Cap Table Modeling and Scenario Analysis Explained

Don't understand the impact of VC terms you are agreeing with? This post explains the concept of cap table modeling and how you can forecast ownership, dilution and model scenarios to make the most of your equity structure.

Farheen Shaikh

2 May, 2024

Table of Contents

VC deals operate like gears, shifting depending on the state of the economy. In good times, founders have the upper hand. They can negotiate for larger investments, maintain more control over their company, and select investors who share their vision. This often leads to more favorable terms for founders, such as a lesser equity dilution, lower liquidation preference of 1X and limited or no pro-rata rights. Pro-rata rights give investors the option, but not the obligation, to participate in future financing rounds.

However, during economic downturns, investors hold more sway. This results in negotiations with significantly different terms. Investors might seek a higher liquidation preference of 2X or more and request anti-dilution protection. Anti-dilution provisions safeguard an investor's equity stake from dilution in case of a down round. They may also push for aggressive drag-along rights, which compel founders to sell their shares if a buyer emerges. Additionally, investors may insist on tag-along rights, allowing them to sell their shares proportionally if founders sell a majority stake.

During negotiations, founders may not fully anticipate the long-term implications of the agreed-upon terms, potentially exposing the company to greater risk.

For instance, let's consider a scenario where a startup agrees to a 2X liquidation preference in a challenging market. This means that the investor receives double their initial investment before any profits are distributed to the founders, employees, or other shareholders.

Now, imagine the startup is acquired for $6 million, but after settling debts and other obligations, only $4 million remains. With a 2X liquidation preference, the investor would be entitled to their $2 million first. Consequently, only $2 million would be left to be divided among all shareholders. This significantly reduces the founders' payout.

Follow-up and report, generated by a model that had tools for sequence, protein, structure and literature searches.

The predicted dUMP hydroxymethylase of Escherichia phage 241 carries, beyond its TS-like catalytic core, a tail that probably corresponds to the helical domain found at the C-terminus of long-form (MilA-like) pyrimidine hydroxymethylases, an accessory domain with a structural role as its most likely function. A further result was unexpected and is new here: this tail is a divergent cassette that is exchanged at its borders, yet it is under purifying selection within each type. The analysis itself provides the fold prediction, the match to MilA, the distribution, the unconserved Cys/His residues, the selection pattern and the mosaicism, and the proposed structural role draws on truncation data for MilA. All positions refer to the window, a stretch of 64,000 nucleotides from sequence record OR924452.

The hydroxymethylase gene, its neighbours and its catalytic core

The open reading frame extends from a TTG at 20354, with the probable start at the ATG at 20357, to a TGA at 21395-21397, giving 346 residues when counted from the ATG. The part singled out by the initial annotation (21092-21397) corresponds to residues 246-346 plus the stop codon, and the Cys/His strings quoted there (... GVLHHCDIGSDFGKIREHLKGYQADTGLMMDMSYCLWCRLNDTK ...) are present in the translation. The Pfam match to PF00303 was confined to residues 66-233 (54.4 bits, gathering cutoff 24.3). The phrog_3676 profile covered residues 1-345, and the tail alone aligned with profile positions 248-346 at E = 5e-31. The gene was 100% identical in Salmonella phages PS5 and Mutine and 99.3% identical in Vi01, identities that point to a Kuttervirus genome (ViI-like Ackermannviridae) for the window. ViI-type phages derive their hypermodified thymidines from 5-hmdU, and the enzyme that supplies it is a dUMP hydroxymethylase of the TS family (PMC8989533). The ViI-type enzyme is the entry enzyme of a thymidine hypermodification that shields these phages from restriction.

Therefore, it's crucial for founders to use cap table modeling to visualize the future implications of such terms during negotiations.

What is cap table modeling?

Cap table modeling is a fundamental tool used by companies to project their ownership structure over time. It involves analyzing various components of the company's ownership, including:

1. Equity ownership

Equity ownership is determined by the percentage of shares held by each shareholder relative to the total outstanding shares, on a fully diluted basis which means converting all types of preferred shares into equity shares. This calculation is crucial for assessing ownership distribution and new equity issuances to investors with complex structures, such as warrants, options, or convertibles, can complicate it.


  • A company has 100,000 outstanding shares.
  • The founders collectively own 60% of the company, while early investors hold 20%, and the balance 20% is for employee stock options.

New funding round:

  • The company seeks additional funding and negotiates with a VC to invest $5 million in exchange for 25% equity ownership in the company at the share price of $150 per share.
  • However, the VC also requested warrants, allowing them to purchase an additional 500,000 shares at $160 per share within the next three years.

Impact on ownership after VC investment:

VC: 25% 

Founders: 45% (diluted from 60%)

Early Investors: 15.% (diluted from 20%)

Employee Stock Options: 15% (diluted from 20%)

However, the warrants granted to VCs introduce the possibility of further dilution for existing shareholders if exercised. Therefore, companies need to model this scenario to understand the maximum dilution with VCs and have foresight when raising another round of funding to avoid excessive dilution.

2. Securities

Companies usually issue various types of securities like common stock, preferred stock, stock options, warrants, convertible notes, etc., each having different characteristics and rights. However, the characteristics of these securities are not set in stone; they are often subject to negotiation and customization during fundraising rounds.

For instance, consider a scenario where an investor negotiates to receive convertible preferred shares with a 1:2 conversion ratio, which means each preferred share can be converted into two common shares. 

This would result in dilution for existing shareholders when the investor decides to execute this right. Understanding that the current stake of existing shareholders could be diluted to a certain extent based on this is important to set expectations.

3. Transactions